ARLINGTON, Texas -- Orioles manager Davey Johnson seemed pretty proud of himself. He shuffled his lineup last night for the second game in a row and apparently shook the club out of its offensive doldrums.
The Orioles scored six runs off right-hander John Burkett in the first two innings and pummeled the slumping Texas Rangers, 9-3, to move to the threshold of a three-game sweep at The Ballpark in Arlington.
"My lineup worked," Johnson said. "I think everybody kind of liked it. They're probably wondering why I didn't try it before."
Johnson put second baseman Roberto Alomar at the top of the order and moved regular leadoff man Brady Anderson into the cleanup spot. Right fielder Jeffrey Hammonds was in the No. 2 hole for the second game in a row, with Rafael Palmeiro batting third and Geronimo Berroa seventh. The results were very promising.
Palmeiro hammered another big home run, Anderson had three hits and three RBIs, Hammonds had the second four-hit game of his career and Berroa added three hits.
"A lot of good things happened," Johnson said.
Go figure. This is the same club that lost seven of 10 games on the last homestand and didn't know where the next clutch hit -- or pitching performance -- was going to come from. Was it the new lineup or the change of scenery? The Rangers have lost seven of their last nine games and are in danger of falling out of contention in the American League West.
Right-hander Scott Erickson pitched 5 1/3 innings and gave up one run on nine hits to earn his 12th victory of the year, but he was under the gun from the time he took the mound until he gave it up to reliever Arthur Rhodes in the sixth. The Rangers put 12 runners on base while Erickson was in the game, but he managed to work out of a series of jams to improve his record to 12-5.
"Scottie about gave me a heart attack," Johnson said. "I don't think I've ever seen him struggle the way he's been struggling. Everything was up again. On the other hand, he made pitches and battled. I'm proud of him for that. He said he was getting into a groove and would give me seven innings, but I was worn out."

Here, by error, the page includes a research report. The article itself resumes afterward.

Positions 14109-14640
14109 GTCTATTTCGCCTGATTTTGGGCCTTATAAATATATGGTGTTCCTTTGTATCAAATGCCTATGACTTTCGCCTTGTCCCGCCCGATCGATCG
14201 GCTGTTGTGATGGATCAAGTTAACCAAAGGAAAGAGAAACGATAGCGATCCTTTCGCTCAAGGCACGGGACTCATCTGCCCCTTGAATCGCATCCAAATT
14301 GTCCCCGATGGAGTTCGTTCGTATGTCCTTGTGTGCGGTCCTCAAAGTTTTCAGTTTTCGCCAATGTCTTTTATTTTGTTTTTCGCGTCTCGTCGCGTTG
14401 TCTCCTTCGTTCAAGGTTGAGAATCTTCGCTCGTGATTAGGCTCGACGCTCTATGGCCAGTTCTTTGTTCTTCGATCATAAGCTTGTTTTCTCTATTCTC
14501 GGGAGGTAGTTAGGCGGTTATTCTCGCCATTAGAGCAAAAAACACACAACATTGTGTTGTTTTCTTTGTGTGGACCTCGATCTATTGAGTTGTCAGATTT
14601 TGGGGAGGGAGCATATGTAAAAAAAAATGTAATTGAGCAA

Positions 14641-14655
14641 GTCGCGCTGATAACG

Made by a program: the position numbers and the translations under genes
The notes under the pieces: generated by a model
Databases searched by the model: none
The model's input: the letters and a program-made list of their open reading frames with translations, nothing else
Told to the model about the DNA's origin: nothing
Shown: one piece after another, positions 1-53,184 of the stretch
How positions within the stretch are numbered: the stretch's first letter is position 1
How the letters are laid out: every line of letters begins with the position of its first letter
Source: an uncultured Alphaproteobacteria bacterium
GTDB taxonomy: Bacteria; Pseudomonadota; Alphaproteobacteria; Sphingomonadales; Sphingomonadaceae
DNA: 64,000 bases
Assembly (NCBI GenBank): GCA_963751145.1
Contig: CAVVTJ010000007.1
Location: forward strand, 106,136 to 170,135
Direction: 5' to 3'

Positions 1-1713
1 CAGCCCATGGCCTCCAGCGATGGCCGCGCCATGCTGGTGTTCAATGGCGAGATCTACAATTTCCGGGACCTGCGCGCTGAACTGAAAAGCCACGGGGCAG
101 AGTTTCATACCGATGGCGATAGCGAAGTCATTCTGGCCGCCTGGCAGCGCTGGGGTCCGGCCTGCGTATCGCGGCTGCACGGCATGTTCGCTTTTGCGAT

The top three pitchers in the Orioles' rotation -- Jimmy Key, Erickson and Mike Mussina -- just went 18 days without a victory, but Key and Erickson have defeated the Rangers in back-to-back games and Mussina is on deck.
"It was kind of like the football term -- bend but don't break," said Erickson, who had given up 31 hits and 19 earned runs in his previous 15 1/3 innings of work. "I gave up some hits. I made some pitches when I had to, but that's not the position you want to be in."
The Orioles' long-struggling offensive attack finally treated the pitching staff to a low-pressure night. Palmeiro hit his second decisive home run of the series with a runner on in the first inning and the Orioles batted around to score four times and send Burkett (7-9) packing in the second.
Palmeiro has been on a tear all month, but he has saved his best for the team that let him go after the 1993 season. The home run was his 20th of the season -- giving him seven straight 20-homer years -- and his fourth in seven games against the Rangers. He also drove in a run with a sacrifice fly in the second for his 12th RBI against Texas.
"I'm feeling good," Palmeiro said. "I'm close, but I'm still not in the kind of groove I want to get into. I feel I will. It has been a pretty decent month."
It certainly has. The Orioles' leading run producer has hit safely in 15 of the 19 games in July, batting .329 with seven home runs and 13 RBIs.
It was Palmeiro's sixth-inning home run on Monday night that brought the Orioles from behind and jump-started the sputtering offense. This time, almost everybody joined in the fun. Seven different Orioles had hit safely by the time Burkett left the mound.
Hammonds hit safely in each of his first four at-bats to tie his single-game career high. He doubled in the first inning and scored on Palmeiro's homer, drove in a run with a bloop single in the second, lined a long double to right-center field in the fourth and singled through the left side of the infield in the sixth. Rangers reliever Ed Vosberg finally got him out in the eighth inning on a fly ball.
Hammonds also has been on a roll the past few weeks. The multi-hit game was his 21st of the year and raised his average to .301. In his last 19 games, he's batting .377 with 16 runs, eight doubles, two triples, six homers and 13 RBIs.
"I'm feeling very comfortable at the plate," Hammonds said. "Hitting between those two guys, you're going to get a lot of good pitches to hit. I'm just going to keep swinging and hope I keep getting the same results."